Happy Mother’s Day! Residents near the Interchange B Pad at 156th and Huron woke up to a heavy petroleum odor beginning at 8:40 am this morning which spread throughout the neighborhood and permeated the area for 30 to 45 minutes. The City had written that Extraction would be drilling the 5th well on Interchange this weekend, after having already received numerous complaints about petroleum odor since drilling began on April 20.
This morning a neighborhood leader received numerous texts from many area residents complaining of the odor and respiratory issues caused by the odor. They were encouraged to file complaints to the City, COGCC and Extraction as others have done, but many of them do not have the technological skills to file online complaints or are afraid of backlash.
When Extraction held a neighborhood open house for those living near the Interchange B pad, they were told that they wouldn’t smell anything, according to those who attended. These residents have been filing odor complaints for several weeks and Broomfield Director of Special Initiatives Tami Yellico had responded, “Drilling operations are not ‘odor free’ as the operator is using drilling mud that contains hydrocarbons and there are drill cuttings that are managed onsite before being transported for disposal at an approved offsite location.” These residents replied that they were never previously told by the City that they would be smelling odors.
Extraction will be drilling 10 wells on Interchange B before temporarily halting operations there to begin drilling 19 wells on Livingston. Over 7000 homes within two miles of Livingston may be impacted by these odors and not able to open their windows this summer if the City continues to state that they can do nothing further about them. Last week the City relayed Extraction’s announcement that spudding and then drilling will begin on the Livingston Pad on June 6.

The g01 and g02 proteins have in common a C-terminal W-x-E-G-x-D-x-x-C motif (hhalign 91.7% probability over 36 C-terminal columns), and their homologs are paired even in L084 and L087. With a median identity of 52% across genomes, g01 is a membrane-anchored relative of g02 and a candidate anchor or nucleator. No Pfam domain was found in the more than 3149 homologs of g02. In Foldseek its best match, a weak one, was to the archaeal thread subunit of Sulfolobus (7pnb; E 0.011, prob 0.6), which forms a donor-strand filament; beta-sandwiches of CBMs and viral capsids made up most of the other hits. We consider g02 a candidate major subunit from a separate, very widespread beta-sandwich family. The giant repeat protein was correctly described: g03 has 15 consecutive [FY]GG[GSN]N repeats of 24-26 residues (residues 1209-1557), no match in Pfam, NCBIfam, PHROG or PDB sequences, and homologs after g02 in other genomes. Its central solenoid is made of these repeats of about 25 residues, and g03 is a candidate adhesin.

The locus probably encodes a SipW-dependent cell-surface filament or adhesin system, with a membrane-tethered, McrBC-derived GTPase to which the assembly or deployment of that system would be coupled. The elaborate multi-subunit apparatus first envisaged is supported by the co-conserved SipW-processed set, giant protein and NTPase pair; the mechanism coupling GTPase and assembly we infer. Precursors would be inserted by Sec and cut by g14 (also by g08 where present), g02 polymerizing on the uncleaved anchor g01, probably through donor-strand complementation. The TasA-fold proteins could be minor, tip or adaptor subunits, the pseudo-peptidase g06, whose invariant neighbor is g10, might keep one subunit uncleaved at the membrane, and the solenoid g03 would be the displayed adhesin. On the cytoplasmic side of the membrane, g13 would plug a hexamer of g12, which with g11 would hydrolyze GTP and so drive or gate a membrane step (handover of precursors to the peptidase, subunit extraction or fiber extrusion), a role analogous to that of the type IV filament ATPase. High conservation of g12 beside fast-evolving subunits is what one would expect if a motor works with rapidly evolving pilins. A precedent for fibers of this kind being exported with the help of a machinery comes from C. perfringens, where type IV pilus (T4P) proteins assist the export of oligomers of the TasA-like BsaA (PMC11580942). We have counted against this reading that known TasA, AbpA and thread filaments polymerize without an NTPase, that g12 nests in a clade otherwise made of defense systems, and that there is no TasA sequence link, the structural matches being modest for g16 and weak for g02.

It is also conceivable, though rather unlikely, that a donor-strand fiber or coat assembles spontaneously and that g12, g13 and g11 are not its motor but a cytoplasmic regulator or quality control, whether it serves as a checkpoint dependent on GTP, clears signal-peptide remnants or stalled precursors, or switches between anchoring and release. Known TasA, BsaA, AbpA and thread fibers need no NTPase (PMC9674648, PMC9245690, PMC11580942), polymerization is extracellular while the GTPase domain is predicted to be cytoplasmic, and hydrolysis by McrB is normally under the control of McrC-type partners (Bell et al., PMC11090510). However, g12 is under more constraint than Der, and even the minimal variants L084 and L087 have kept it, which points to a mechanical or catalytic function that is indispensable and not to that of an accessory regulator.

If you would like to support the current residents living near the Interchange B Pad in their odor complaints, you can:
1) Attend the Special Meeting of City Council on Tuesday, May 14 at 5 p.m which will discuss many oil and gas issues, including a moratorium on permits. http://broomfieldconcerned.org/take-action/consider-attending-special-council-meeting-for-moratorium-and-spacing-application-near-anthem/
3) If you have odor problems near oil and gas drilling to report, please file your complaints by using the resources here http://broomfieldconcerned.org/register-your-concerns/
UPDATE: Broomfield Assistant Director of Special Initiatives personally investigated the complaints this morning at 9 am, about 20 minutes after the first complaint, and 11 am, about 90 minutes after a second complaint. She interviewed 2 residents who stated that they did not smell any odors while they were outside this morning. She stated, “As with previous complaints, it is difficult to determine what is transpiring without being able to observe the odor. Broomfield Oil and Gas Division staff and the Construction Inspection supervisor are in the field daily. The former is out on Saturdays as well. In addition, we are in contact with Extraction several times a day to discuss various topics, including these complaints. Additionally, the air quality monitoring stations do not indicate elevated VOCs or other air pollutants in the area.”
Residents state that they are aware of at least 7 of their neighbors who smelled the strong petroleum odor.